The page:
Acting-wise the cast is brilliant. The director could not have found a better ensemble of such talented actors. The weakest link would have to be the kid who portrays the role of Desiree's daughter. It is just that her accent is inconsistent in some scenes, but with that blunder aside she really is not that weak a link.

Sunday, October 10, 2010

Who Broke My Thermos in 1992?

BAS – GS Department
Date: 10-15-92

Dear Parents,

Please be informed that your child DAN ALFRED DE JESUS in levels 3-4 was sent to the office for having a fight with his classmate. It started with him not giving a space for the girl at the table. His folder was written by a crayon by his classmate and he wrote back in the folder of the girl. During recess time the girl got a chance to fight back and threw Dan’s thermos on the floor and the plastic cover broke. The attention of the girl was called and I wrote to the parents of the girl.

Monday, October 4, 2010

Sinapak Ako ng Isang Kamag-Aral

Sinugod naman siya ng nanay ko. Ngayon magkaibigan kami sa Facebook, at malamang ay hindi na rin niya naaalala ang pangyayaring ito halos dalawampung taon na ang nakararaan. Hindi ko alam ang dahilan kung bakit niya ako sinapak at wala na ring saysay na alamin kung bakit bigla na lang nananapak ang isang batang wala pang kamuwang-muwang sa mundo. Marahil ay bahagi lamang iyon ng pagiging bata.

Sunday, October 3, 2010

El secreto de sus ojos


A newly retired legal counselor decides to write a novel based on a rape-murder case closed two decades ago in which he participated, bringing back all the haunting memories and the impact its effects have had not only on his life, but on the lives of all those involved as well.

El secreto de sus ojos (The Secret in their Eyes) is very appropriate as a title, and the many references to it as the film unfolds makes one marvel on its subtlety. The way the plot is arranged leaves a lot of room for mystery and suspense and the audacity of the dialogue is of great help in keeping the tone of the film light when needed be. Although there are plenty of scenes referring to the romance between the two leads, this does not affect the flow of the main story in a detrimental way, but rather stays on the sidelines developing at its own pace and reaching its own climax as the film ends.

Saturday, September 11, 2010

Despicable Me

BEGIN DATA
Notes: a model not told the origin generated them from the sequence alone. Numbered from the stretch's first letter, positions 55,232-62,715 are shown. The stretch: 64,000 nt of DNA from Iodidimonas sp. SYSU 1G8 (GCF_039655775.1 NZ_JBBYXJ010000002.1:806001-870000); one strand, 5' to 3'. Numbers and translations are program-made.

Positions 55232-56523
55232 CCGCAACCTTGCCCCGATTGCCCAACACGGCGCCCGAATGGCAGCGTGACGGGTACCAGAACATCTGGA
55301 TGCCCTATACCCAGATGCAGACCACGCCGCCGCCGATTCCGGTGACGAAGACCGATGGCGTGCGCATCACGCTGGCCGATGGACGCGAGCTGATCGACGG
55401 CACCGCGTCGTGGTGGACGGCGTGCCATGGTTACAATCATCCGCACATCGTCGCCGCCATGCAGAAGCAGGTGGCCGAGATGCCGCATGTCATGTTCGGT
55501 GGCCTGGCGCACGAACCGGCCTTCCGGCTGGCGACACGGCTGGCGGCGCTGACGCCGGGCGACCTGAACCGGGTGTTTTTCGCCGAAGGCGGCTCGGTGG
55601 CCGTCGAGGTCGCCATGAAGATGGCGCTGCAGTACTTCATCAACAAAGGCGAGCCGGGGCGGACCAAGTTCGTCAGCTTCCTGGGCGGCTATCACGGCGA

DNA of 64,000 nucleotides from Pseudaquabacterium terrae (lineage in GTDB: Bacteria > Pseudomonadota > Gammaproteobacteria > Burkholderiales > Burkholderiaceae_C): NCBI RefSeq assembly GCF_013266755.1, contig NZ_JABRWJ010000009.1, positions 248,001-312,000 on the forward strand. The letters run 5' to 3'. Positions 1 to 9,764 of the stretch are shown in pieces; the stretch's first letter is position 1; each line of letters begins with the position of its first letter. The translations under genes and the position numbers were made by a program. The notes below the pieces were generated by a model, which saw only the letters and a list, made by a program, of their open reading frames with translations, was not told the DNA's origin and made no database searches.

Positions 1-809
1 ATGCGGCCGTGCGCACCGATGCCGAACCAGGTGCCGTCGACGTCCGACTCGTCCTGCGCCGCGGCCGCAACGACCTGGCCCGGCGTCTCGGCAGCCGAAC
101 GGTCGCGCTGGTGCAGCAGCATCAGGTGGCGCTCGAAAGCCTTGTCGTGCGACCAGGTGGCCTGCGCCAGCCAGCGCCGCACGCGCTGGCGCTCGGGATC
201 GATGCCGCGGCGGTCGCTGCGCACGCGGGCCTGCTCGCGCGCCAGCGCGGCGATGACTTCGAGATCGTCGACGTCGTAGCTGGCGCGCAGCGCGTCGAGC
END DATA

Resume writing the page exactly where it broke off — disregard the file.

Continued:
This movie is just full of cuteness, from the adorable toddler Agnes (It's so FLUFFEEE!!!) to Dru's cousins who are reminiscent of those little green aliens from Toy Story. They even have their own language! All this makes up for the main story's lack of depth, which is easily forgiven in films made with kids as the target market. While lacking in terms of story and predictable when it comes to the plot, the movie's theme is very clear: Fatherhood. This makes it more appealing as a family movie since not only the kids but also the new dads, or any dad who has to deal with toddlers, could easily relate to it.

With regards to the jokes, they are 50-50 for the adults. Sometimes Gru just disappears and in his place you see Steve Carell as if you are watching an episode of The Office. His brand of comedy is easily distinguishable as his, no matter what role he plays. This sometimes becomes a disadvantage because all of them tend to point back to that one role of his that is easily recognizable, again, his character in The Office.

Sunday, September 5, 2010

Xanadu (Atlantis Theatrical)


Xanadu gives you a nostalgia for the roller disco days you never had. Too bad it only runs for under two hours, although that is already sufficient for one to enjoy the show. The souvenir program is a little bit pricier than usual, but you get a CD along with the book. The sad thing is that it does not contain the whole soundtrack, only about five songs by Rachel Alejandro.

The story follows the simple immortal-falls-in-love-with-mortal formula, and to where the plot is headed is obvious from the beginning. What makes the show interesting is that it gives you the illusion that you are back in the eighties, making you feel as if you have once lived it too even if in reality you were still in diapers watching Voltes Five on IBC-13 back then. Okay, technically you did but were too young to actually identify with such a bygone era.